The past week unfolded in many ways like the previous eight years, when the GOP ran the House and the previous speakers, John A. Boehner (Ohio) and Paul D. Ryan (Wis.), flailed in their efforts to pass compromise legislation because of insurrections from their right flank.
For months, many Republicans watched with admiration — if not a little resentment — as Pelosi’s grip seemed tightly wrapped around her caucus.
“Speaker Pelosi is now finding the reality that Speaker Ryan and Speaker Boehner had to deal with: You’ve got tight margins and a variety of opinions,” said Rep. Richard Hudson (R-N.C.), who personally thanked McConnell for sticking it to Pelosi on Thursday morning.
Just as the House GOP fought earlier this decade, Democrats broke into warring factions Thursday. Pocan’s tweet set the tone, accusing the bipartisan Problem Solvers Caucus of undermining the House bill. Rep. Max Rose (D-N.Y.), a freshman who won a GOP-leaning district last year, angrily confronted Pocan during votes but he refused to apologize for his “child abuse caucus” remark.
“I think that’s a pretty fair characterization,” Pocan told reporters afterward, suggesting the Senate bill will not protect migrant children. He said Rose complained about what family members would think of such an accusation.
“I’ll tell your mother you’re not a child abuser,” Pocan replied. “How’s that?”
Rose, who actually backed the progressives’ demands, accused Pocan of regularly trying to get attention, not working toward legislating. “I think that Mark probably got a couple more Twitter followers, and that that is an arbiter of success for him,” he told reporters.
As House Republicans once did, House Democrats accused their Senate counterparts of selling them out after all but six Senate Democrats voted Wednesday for that chamber’s version of the bill.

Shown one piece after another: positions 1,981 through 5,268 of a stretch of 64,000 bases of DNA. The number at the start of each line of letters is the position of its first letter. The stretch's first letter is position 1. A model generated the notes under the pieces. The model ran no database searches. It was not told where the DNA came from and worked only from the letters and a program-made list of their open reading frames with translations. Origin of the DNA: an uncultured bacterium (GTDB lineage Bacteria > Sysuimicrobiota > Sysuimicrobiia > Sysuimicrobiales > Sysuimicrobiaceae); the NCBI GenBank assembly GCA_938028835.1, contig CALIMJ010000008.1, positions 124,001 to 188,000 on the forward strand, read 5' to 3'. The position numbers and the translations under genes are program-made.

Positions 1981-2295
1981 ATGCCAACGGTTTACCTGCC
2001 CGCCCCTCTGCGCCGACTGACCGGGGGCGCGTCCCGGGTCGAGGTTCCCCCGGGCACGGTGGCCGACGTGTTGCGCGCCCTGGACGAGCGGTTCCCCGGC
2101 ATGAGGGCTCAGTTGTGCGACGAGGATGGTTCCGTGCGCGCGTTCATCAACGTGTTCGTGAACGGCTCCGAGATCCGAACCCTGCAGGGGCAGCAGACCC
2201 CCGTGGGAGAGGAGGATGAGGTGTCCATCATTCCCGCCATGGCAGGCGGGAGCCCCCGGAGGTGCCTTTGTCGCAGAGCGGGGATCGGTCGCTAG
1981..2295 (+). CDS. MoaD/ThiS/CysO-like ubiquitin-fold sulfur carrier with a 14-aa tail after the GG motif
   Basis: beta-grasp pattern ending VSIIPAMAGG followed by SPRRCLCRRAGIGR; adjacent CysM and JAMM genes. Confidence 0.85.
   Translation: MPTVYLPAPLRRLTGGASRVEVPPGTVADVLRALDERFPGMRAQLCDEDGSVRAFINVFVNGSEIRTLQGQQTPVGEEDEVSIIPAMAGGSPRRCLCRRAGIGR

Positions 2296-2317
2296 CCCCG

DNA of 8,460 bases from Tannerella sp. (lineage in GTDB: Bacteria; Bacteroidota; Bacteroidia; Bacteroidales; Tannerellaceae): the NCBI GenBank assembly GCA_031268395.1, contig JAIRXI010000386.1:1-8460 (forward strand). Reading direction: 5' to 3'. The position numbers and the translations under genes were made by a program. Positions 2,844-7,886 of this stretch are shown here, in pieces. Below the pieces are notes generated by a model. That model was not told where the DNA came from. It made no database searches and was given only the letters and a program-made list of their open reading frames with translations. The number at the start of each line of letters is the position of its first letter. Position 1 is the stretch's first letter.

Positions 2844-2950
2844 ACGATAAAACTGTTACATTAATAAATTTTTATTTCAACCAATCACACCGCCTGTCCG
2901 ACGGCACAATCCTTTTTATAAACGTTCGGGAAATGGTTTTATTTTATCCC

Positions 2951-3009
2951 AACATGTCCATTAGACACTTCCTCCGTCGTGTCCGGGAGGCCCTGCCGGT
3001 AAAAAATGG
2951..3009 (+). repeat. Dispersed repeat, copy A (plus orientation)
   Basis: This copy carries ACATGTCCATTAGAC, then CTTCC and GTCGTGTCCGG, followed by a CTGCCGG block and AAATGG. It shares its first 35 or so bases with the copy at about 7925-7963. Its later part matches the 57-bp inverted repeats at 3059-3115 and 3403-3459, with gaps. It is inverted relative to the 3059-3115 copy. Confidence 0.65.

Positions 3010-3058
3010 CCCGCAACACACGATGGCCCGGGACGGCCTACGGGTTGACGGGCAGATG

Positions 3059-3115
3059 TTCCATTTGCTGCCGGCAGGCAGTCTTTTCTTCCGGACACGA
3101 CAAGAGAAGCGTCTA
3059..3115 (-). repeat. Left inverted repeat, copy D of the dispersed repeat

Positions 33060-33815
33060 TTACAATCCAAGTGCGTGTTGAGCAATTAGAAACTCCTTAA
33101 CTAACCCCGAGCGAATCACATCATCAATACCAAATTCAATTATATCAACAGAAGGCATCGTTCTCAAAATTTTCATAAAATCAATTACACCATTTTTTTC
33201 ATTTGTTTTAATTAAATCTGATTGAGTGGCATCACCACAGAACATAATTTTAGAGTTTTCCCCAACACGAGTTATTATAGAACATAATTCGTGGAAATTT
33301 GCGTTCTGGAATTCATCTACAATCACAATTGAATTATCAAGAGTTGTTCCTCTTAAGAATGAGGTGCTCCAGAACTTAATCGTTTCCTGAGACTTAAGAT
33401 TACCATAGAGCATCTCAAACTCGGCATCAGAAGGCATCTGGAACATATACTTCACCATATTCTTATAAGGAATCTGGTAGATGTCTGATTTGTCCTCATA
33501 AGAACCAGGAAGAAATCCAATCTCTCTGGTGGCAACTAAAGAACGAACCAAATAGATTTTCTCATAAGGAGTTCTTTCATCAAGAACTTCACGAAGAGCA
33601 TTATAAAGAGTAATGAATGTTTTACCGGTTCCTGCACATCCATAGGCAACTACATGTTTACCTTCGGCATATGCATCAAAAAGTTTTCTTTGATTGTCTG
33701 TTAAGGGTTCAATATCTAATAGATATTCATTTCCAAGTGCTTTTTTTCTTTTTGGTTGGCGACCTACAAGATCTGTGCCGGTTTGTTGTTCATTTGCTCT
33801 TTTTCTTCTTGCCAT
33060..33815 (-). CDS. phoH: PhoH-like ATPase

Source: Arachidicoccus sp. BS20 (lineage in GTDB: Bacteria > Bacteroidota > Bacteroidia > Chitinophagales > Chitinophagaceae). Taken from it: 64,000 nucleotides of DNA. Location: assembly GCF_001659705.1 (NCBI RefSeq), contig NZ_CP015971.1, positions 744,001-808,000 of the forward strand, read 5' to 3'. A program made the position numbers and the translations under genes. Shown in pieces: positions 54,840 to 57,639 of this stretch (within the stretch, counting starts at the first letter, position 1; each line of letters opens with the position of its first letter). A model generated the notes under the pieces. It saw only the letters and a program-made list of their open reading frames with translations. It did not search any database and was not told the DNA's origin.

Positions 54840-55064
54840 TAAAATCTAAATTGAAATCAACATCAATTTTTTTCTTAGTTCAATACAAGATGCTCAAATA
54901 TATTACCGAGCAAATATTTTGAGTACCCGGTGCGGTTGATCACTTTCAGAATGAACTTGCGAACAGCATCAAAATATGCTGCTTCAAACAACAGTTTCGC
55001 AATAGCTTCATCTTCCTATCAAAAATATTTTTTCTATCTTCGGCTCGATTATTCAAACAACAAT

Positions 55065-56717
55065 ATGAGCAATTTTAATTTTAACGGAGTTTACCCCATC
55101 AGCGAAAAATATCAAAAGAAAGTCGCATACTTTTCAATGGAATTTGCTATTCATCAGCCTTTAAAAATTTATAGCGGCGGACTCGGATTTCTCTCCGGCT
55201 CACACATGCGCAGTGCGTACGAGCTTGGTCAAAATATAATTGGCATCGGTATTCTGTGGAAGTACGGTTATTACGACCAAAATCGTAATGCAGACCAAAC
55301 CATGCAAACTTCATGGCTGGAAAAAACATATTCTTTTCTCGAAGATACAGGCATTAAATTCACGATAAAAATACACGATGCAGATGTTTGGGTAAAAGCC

“Senate Democrats did us a huge disservice,” said Rep. Pramila Jayapal (D-Wash.), a co-chair of the progressive caucus. Privately, some leadership officials blamed Jayapal for frequent liberal demands that slowed their negotiationg.
Senior Democrats believed Pelosi and her leadership team lost their leverage as soon as they lost Senate Democrats.
With little leverage in hand, some House Democratic leaders in a Thursday morning caucus were careful not to criticize the Senate bill, believing it was probably the only path to sending billions of dollars to help the border crisis.
“I want to make that clear: The Senate bill is a good bill. But this is a better bill.” House Appropriations Committee Chairwoman Nita M. Lowey (D-N.Y.) told reporters leaving that huddle.It was around that time that Blue Dog Democrats and members of the centrist Problem Solvers Caucus began whipping votes against the House bill, quickly rounding up enough votes to sink the House proposal they knew would die in the Senate anyway.
Moderate Democrats said Pelosi’s whip team has worked them much harder in the past to stick together, but they appeared to see the writing on the wall and changed course.
Pelosi made one final push to reach a new deal in a late-morning call to Vice President Pence, hoping to get some legislative guarantees of regulations that would protect migrant children.
According to officials familiar with that conversation, Pelosi, an ardent Catholic, spoke for an hour about God and morality to Pence, an ardent evangelical. Pence told her to pass the Senate bill, but ultimately Pence agreed to several demands that Pelosi had wanted to tuck into the legislation, including that Congress would be notified within 24 hours after a child dies at the border.
After a tense two-hour leadership meeting, Pelosi gave up and sent the “Dear Colleague” message announcing the Senate bill would get a vote.
It tore the caucus apart, but some veteran Democrats said never to bet against Pelosi over the long haul.
“She knows what she’s doing,” Rep. Henry Cuellar (D-Tex.) said. “She knows.”